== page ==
Looking to make a few updates to your loyalty program? There are a few things you should know… If you’re not careful, there could be a volcano of negative sentiment waiting to erupt in the form of your customers.
Just ask Starbucks who recently announced this past month that it was changing its loyalty program structure from a frequency-based model to a model based on what customers actually spend instead.
For those of us who eat, sleep, drink, and live loyalty, announcements like this are never that much of a surprise. In fact, Starbucks’ recent announcement harkens back to the changes Southwest made to their frequent flyer program circa 2011. What seems to catch some companies off guard though is the customer backlash that ensues.
You’ve seen it, maybe even had a similar experience. It’s when your fiercely loyal customers turn on you and go from engaged to what I’m calling enraged by spouting mad declarations through social media, showing how their ex-favorite company has ripped their loyal heart out and eaten it… Raw.
So what is engraged? My definition: When a loyalty program member cares so deeply about the program and its brand that any unilateral change to the program’s core structure is viewed with outrage and a feeling of downright betrayal.
Seems fitting, right?
Hyperbole aside, for most companies, the decision to alter the foundational structure of a rewards strategy is a long time in the making. However, you can minimize the damage done by your “engraged” customers. The key lies in your mindset, advanced planning, and strategic over-communication well in advance.
Below are a few pieces of advice you should consider if you’re planning changes to an existing loyalty program or strategy you have in market today.
If you’ve done your due diligence in coming to the difficult decision to alter the fabric of a loyalty strategy, you’ve probably worked through a number of scenarios and put in the “hard yards” to get to that decision. You can take comfort in that fact and remember that the ensuing backlash will lessen with each passing day. After all, Southwest certainly lived to fly another day after their program changes. I suspect Starbucks will too.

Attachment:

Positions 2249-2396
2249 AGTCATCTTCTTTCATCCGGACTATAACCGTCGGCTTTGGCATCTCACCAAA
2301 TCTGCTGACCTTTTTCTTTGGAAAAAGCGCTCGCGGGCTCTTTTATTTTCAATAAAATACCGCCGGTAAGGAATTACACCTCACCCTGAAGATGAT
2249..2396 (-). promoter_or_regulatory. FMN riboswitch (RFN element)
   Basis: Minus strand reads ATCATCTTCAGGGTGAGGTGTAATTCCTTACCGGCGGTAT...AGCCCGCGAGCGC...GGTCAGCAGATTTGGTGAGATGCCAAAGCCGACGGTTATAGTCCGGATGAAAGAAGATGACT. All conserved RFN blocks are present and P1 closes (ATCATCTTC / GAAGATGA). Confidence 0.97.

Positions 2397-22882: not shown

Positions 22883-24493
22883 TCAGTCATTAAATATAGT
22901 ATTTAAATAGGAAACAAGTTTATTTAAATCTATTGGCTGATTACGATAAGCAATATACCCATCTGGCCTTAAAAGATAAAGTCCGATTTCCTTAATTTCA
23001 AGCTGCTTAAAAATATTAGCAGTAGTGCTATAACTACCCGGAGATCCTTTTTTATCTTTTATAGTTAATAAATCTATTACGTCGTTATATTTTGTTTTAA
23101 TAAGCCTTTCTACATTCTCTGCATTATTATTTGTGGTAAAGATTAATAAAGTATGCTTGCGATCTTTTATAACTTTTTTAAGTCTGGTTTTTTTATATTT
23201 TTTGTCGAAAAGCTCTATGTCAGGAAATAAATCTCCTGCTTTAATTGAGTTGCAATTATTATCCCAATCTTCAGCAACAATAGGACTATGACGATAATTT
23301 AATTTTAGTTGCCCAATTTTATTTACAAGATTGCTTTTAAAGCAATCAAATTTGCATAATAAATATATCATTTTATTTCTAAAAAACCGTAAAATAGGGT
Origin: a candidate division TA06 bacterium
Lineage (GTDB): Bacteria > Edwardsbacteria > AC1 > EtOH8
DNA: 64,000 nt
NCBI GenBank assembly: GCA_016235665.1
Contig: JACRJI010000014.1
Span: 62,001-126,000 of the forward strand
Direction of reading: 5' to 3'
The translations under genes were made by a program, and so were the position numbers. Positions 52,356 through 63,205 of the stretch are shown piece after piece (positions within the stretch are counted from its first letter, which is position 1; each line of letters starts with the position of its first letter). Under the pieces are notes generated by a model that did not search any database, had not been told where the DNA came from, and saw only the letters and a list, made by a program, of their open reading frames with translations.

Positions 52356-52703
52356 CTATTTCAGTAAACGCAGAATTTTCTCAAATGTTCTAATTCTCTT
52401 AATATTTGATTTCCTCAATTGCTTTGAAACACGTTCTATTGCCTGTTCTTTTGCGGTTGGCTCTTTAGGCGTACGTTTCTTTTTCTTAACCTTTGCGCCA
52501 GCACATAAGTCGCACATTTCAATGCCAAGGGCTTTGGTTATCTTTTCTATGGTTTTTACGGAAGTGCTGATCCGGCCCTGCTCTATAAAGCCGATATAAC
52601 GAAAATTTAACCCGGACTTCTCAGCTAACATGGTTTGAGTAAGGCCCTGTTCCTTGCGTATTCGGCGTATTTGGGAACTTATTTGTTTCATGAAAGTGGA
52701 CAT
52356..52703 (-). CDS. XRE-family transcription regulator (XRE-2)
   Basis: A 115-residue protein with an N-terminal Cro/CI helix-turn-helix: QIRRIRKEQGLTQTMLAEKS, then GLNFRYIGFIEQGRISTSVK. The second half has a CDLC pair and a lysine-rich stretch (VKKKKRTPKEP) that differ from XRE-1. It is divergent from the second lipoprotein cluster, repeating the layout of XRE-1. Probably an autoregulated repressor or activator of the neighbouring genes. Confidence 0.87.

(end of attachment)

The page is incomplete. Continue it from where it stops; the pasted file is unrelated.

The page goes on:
A change in a program structure like the aforementioned can also serve as an opportunity for you to indirectly ask for a “hand raise” from your customers. Customers will choose with their actions whether they’re still in, or whether they choose to no longer do business with you. For a lot of companies, that’s scary. Some companies are reticent when it comes to recognizing the belief that all customers are NOT created equal. Those companies should remember though that the best loyalty programs – especially rewards-based ones – should be designed with a best customer in mind, not every customer. And sometimes, the definition of “best” can change and doesn’t always equal “most frequent.”
As a consultant, I often tell clients that the best time to craft your program’s exit strategy is before you even launch it. The same principle can be applied to situations where major changes are being made to the rules of a program structure. Realistically, the announcement of changes should be made at least a full 6 months AFTER the decision to make the change is made.